Social Media and your Teen’s Self-worth: is it worth it?

It’s the age of technology! Growing up can be tough, especially with teenagers just learning how to navigate the ups and downs of life. The question about social media and your teen’s feeling of self-worth is that is it worth it?

Today’s teens are constantly bombarded with the pressure to show up online especially on social media sites to stamp their presence/existence. Thanks to the advent of smartphones (Blackberry, iPhones etc.)and handy computers (ipads and large tablets, laptops) have brought these sites within their reach..

Social media sites rank as the number one use of the internet around the world!


selfie The Pressure to Show Up and Look Good

While teens have always been pressured to grow up properly, do well in school and become attractive, healthy members of society, they haven’t always been pressured to publicly document that journey by running a Tumblr, Twitter, Instagram and Facebook, and posting a constant stream of perfectly lit photos to each.

Anyone who goes online regularly knows that there is no escape from the ongoing bombardment of tweets, photos and personal information coming through the social media feeds. Deleting profiles and going offline has been deemed unacceptable in many social circles, and even attempting to take a break can often lead to questions, comments and ridicule from peers. A well-intended uploaded picture could be trashed by friends.

There is so much pressure on teens to show up online, update about their lives, and make themselves look good, and when they can’t accomplish this, the effects can be devastating.

Giving Away Power and Feeling Left Out

Social media provides the opportunity for young people to give their power away to others. Many teens are basing their self-worth on the number of “likes” they receive instead of their scholarly accomplishments or the way they treat others, which can lead to serious hurt feelings when people respond negatively to something they post.

Social media can also cause feelings of being left out, as less-popular teens can see photos and hear updates about parties and events they were not invited to. These feelings of missing out can lead teens to become obsessed with updating their social media profiles, especially when combined with the need to post attractive photographs and the inherent pressure to fit in that has always existed. When this happens, the teen’s self-esteem, schoolwork, friendships and relationships with family can all suffer.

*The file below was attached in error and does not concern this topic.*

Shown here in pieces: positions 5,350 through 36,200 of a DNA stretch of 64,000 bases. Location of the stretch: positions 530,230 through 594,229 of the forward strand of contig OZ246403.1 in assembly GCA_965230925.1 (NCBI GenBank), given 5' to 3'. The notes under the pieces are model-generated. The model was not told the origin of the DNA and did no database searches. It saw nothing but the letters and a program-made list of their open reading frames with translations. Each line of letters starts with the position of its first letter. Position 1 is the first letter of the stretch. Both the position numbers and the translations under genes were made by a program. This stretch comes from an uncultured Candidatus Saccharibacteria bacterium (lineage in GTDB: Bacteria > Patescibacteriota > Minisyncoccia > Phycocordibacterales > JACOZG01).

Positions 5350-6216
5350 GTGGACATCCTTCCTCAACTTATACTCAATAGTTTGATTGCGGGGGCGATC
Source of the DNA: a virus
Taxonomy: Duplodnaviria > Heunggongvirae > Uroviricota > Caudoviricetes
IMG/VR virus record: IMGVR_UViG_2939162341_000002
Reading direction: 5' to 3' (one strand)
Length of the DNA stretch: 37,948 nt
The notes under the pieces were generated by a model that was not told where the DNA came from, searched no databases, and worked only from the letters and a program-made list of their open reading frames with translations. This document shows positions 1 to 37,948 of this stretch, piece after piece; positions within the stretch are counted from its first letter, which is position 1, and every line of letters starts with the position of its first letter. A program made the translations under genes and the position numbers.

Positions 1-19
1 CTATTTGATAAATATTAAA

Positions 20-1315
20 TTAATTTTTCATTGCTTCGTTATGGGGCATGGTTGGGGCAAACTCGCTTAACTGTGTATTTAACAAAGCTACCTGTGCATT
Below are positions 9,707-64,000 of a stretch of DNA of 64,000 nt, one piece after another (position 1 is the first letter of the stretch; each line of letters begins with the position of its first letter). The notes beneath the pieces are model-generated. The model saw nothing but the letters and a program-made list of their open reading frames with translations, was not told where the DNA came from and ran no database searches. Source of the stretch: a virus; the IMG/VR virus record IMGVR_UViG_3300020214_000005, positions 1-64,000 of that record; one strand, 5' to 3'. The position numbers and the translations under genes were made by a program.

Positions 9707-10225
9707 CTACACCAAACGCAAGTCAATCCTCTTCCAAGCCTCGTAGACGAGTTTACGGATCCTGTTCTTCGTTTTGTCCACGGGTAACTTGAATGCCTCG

Cyber Bullying

Yes, bullying has gone beyond the walls of our classrooms and has registered its presence online. A 12-year-old girl in Florida committed suicide after she was repeatedly bullied online by her classmates.  Until parents realize the danger in giving their child an iPhone or letting them get on social media sites on a laptop in their room with no supervision, these stories will continue and only worsen. I pray we wake up and do something different.

How Parents can help
  • Never allow your teen or preteen to have a social media account without your consent.
  • Always monitor your teen online activity. Many parental monitoring software offers parental notification tools to monitor their children’s activity. 
  • Be involved in helping him/her set up a social media account when you think he/she is matured enough to have one. It should never be based on peer pressure or feelings of want.
  • Help him or her understand the consequences of his actions online. Every action such as commenting on posts, updating his or her status, uploading pictures, stays online. They should also enable the privacy option.

This isn’t to say that all social media is completely evil. It allows people to connect to each other and helps businesses advertise their products in a more effective way. However, for teens, it’s important to keep things in perspective. They need to limit time on social media as much as possible.

I know this is a tough call parent, but it’s important for your teen’s self-development. You need to limit their time on social media sites and it’s up to you to educate them on the effects.

Contributed by Tolu Opanuga (Mrs) | Kids /Teen Life Coach
Read Also: Parents Guide to Social Media for Teens
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